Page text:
A renecnt advertising campaign that reeeeeally bothered me was CPAC's "We're better because we're independent" campaign. I only read about it in the paper, since I don't watch tv. However, the article explained that the spots featuring Tom Green (they would have gotten Rick Mercer, but his CBC contract wouldn't allow it!) claimed that CPAC was more reliable (than CBC, I would presume) because it is "owned by a group of cable companies" (I'm paraphrasing).
Uh, yeah. Rogers and Bell and Global. They don't have any interest in public policy whatsoever, do they?
Just now, it clicked for me: I was watching reading the director's introduction to the movie WAL-MART: The high cost of low price", which I was given a copy of recently. I had also just finished watching the producer's interview with Lou Dobbs on the website.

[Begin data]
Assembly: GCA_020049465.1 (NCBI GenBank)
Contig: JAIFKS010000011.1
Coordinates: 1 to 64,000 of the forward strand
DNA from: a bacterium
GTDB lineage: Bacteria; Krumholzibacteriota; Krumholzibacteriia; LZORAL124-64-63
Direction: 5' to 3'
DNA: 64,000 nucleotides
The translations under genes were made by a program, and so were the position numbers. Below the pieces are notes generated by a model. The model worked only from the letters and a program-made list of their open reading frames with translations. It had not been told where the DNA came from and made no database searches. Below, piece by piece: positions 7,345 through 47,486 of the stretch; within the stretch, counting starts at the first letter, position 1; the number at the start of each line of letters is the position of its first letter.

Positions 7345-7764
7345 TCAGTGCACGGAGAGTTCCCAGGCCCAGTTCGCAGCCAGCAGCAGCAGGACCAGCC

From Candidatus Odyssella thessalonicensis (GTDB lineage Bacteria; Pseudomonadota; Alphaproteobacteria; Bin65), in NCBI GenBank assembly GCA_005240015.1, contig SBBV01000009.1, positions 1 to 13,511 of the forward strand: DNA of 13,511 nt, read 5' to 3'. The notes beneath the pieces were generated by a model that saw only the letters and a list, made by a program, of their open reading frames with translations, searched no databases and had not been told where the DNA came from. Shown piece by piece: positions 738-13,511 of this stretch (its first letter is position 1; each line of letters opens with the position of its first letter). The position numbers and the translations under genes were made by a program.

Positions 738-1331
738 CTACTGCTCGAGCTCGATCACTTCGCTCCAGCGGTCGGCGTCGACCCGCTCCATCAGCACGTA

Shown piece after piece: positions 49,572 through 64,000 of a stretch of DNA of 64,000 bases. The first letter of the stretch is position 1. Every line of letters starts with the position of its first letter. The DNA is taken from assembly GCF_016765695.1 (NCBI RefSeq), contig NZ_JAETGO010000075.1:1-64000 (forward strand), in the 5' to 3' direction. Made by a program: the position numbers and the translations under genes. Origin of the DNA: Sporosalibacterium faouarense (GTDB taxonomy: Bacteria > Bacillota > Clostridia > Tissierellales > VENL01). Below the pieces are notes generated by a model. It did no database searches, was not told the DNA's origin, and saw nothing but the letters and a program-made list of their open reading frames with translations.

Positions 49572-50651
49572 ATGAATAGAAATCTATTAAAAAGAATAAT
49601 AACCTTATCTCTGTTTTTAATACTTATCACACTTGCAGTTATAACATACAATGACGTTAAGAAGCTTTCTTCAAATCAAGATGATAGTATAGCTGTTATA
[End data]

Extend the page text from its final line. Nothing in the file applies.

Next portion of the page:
The introduction made a reference to footage of WAL-MART CEO Lee Scott that they had "secured". This reminded me that to use a media corporation's broadcast, you need their permission. Such permission means that the corporation can decide who they want to use their footage (e.g. of announcements, speeches, etc.). This gives them a way of being biased (i.e. not independent) towards the people they report on by only sharing the material with producers they know will use the footage in the way they want it to be used.
The only solution to avoid this conflict is to make all of their footage available for free, and the closest I think that we have is the BBC, which has opened up its entire archive for download on the internet (although I've never personally dabbled with trying to get a rebroadcast permit from any media company).
Ironically, the BBC is not, as CPAC put it, "independent". Go figure.